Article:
By Kathryn Flippin
Broadway posters, world-famous sites and historic pictures adorn the office walls of Susan Hopper, director of the Office of Academic Advocacy. While her main goal may be to help students filtering through her office daily, she also strives to help counsel any student needing direction or guidance.
From kindergarten to the end of high school, Hopper lived in Dyer, Tenn., a rare occasion for a Baptist minister’s child constantly on the move. After high school graduation, she attended Union University, where she studied English and business while also participating in many activities, such as Greek life and cheerleading. She held various odd jobs after graduation, including singing for a year with the traveling Christian singing group “Sound of Joy.” She then came back to complete her master’s degree in arts and teaching from the University of Memphis.
After teaching 10th- and 12th-grade English for several years at Old Hickory, now University School of Jackson, Hopper returned to Union, where she has worked for 21 years. She and her husband, Don, whom she met at a Union basketball game, have been married for 16 years and are actively involved in Meridian Baptist Church. Hopper serves as the women’s director and sings in the choir.
Question: What are your job responsibilities?
Answer: I am the academic advocate, which means I am a liaison between the students and academic services. I do the graduation audits for the schools of nursing, business and Christian studies. I advise freshmen undecided majors. One of my biggest jobs is to evaluate transcripts to see if courses from other schools will transfer and evaluate transcripts for those wanting to enter Union’s nursing program. You could say I am a busy woman.
Q: What is your favorite thing about your job?
A: I feel as though my calling is to minister to college students. To be able to help them figure out what they want to do in life is the most rewarding part about my job.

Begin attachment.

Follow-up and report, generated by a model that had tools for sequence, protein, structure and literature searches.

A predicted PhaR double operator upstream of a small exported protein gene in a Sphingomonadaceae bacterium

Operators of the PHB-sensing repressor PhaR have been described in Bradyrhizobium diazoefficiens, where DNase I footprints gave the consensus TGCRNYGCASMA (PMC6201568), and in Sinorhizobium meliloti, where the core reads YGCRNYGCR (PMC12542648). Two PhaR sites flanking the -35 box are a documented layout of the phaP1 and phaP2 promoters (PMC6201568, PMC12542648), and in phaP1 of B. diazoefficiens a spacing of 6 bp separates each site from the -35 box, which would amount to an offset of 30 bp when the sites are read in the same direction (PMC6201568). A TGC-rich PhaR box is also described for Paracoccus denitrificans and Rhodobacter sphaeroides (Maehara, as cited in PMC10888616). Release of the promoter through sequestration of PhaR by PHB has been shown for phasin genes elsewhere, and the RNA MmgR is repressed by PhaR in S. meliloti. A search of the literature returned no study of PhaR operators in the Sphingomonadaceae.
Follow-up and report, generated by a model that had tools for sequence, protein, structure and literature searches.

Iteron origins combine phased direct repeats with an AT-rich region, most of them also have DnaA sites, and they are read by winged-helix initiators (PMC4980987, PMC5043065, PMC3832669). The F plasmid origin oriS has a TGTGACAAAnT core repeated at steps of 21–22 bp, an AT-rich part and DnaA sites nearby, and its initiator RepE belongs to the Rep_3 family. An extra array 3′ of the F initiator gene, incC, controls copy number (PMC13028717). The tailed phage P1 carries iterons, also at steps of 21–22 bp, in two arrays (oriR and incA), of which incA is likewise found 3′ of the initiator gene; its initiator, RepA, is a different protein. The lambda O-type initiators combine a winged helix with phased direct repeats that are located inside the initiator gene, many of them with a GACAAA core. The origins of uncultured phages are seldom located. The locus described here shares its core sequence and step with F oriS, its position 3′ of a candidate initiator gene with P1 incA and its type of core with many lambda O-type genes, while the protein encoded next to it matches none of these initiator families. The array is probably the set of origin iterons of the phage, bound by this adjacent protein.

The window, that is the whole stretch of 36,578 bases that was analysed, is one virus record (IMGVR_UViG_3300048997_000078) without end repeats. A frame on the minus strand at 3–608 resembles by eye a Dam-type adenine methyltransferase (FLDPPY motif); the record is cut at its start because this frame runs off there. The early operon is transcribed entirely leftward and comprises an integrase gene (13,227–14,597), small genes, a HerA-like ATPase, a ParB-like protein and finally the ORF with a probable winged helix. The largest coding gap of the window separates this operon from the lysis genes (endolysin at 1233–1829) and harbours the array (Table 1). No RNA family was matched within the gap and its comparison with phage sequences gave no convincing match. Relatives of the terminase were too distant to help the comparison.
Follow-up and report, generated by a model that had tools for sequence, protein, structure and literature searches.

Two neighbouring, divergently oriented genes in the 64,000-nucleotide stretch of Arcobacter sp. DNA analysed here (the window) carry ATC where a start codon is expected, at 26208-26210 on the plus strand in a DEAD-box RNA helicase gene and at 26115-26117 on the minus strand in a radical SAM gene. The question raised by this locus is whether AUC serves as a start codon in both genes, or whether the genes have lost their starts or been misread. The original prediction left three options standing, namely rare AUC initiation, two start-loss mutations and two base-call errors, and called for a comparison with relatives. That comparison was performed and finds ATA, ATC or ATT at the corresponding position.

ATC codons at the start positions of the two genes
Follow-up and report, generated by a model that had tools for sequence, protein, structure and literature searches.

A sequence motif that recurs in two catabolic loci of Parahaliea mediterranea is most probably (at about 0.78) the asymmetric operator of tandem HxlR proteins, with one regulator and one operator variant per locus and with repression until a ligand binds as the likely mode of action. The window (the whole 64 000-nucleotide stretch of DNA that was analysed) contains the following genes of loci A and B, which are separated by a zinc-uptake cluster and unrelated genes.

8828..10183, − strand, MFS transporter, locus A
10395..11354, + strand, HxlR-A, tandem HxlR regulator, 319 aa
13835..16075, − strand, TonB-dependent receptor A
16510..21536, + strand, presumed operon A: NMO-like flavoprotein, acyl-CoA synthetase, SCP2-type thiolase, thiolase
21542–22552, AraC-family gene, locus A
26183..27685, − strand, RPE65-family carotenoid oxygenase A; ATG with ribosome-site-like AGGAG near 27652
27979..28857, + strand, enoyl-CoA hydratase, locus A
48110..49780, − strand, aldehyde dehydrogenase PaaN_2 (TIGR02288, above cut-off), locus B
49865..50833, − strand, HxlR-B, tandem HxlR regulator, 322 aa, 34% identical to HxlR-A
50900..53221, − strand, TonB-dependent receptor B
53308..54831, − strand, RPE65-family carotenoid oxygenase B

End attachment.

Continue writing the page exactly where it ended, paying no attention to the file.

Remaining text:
Q: What do you think is the most difficult thing about your job?
A: Sometimes there are seasons when a lot of things hit at once and it is hard to balance (it all). I also find it hard to see students not be able to graduate because of bad decisions when I know they really are good people who just made bad choices.
Q: What are some things you enjoy when you are not working?
A: I love to attend off-Broadway and Broadway shows. I will go up to the Tennessee Performing Arts Center in Nashville or the Orpheum in Memphis. My favorite is “Les Misérables,” which I have probably seen eight or nine times. I also am an avid reader. I love books from the academic world, such as “The Scarlett Letter,” or a good John Grisham novel like “The Pelican Brief.” I also love doing Zumba with students at Union on Tuesday and Thursday nights.
Q: Where is one place in the world you have always wanted to visit?
A: I would love to go to Greece. It is beautiful, and especially after being involved in the Greek system, I have always wanted to know more about Greek history.
Q: Union has a set mission statement that talks about having excellence-driven, people-focused, Christ-centered and future-directed students and faculty. How do you feel you portray this in your daily job?
A: In everything I do, especially when dealing with students, I strive to be Christ-centered. I want to be a good example they can look to. I always want to be able to give students a good answer, even when I have to say “no” to certain things.
Q: What is one thing you think students should know or experience in college?
A: My four years at Union were some of the best in my life. I worked hard and got very involved. Getting involved and finding people you can count on is the key. It helps later in life in dealing with people and relationships.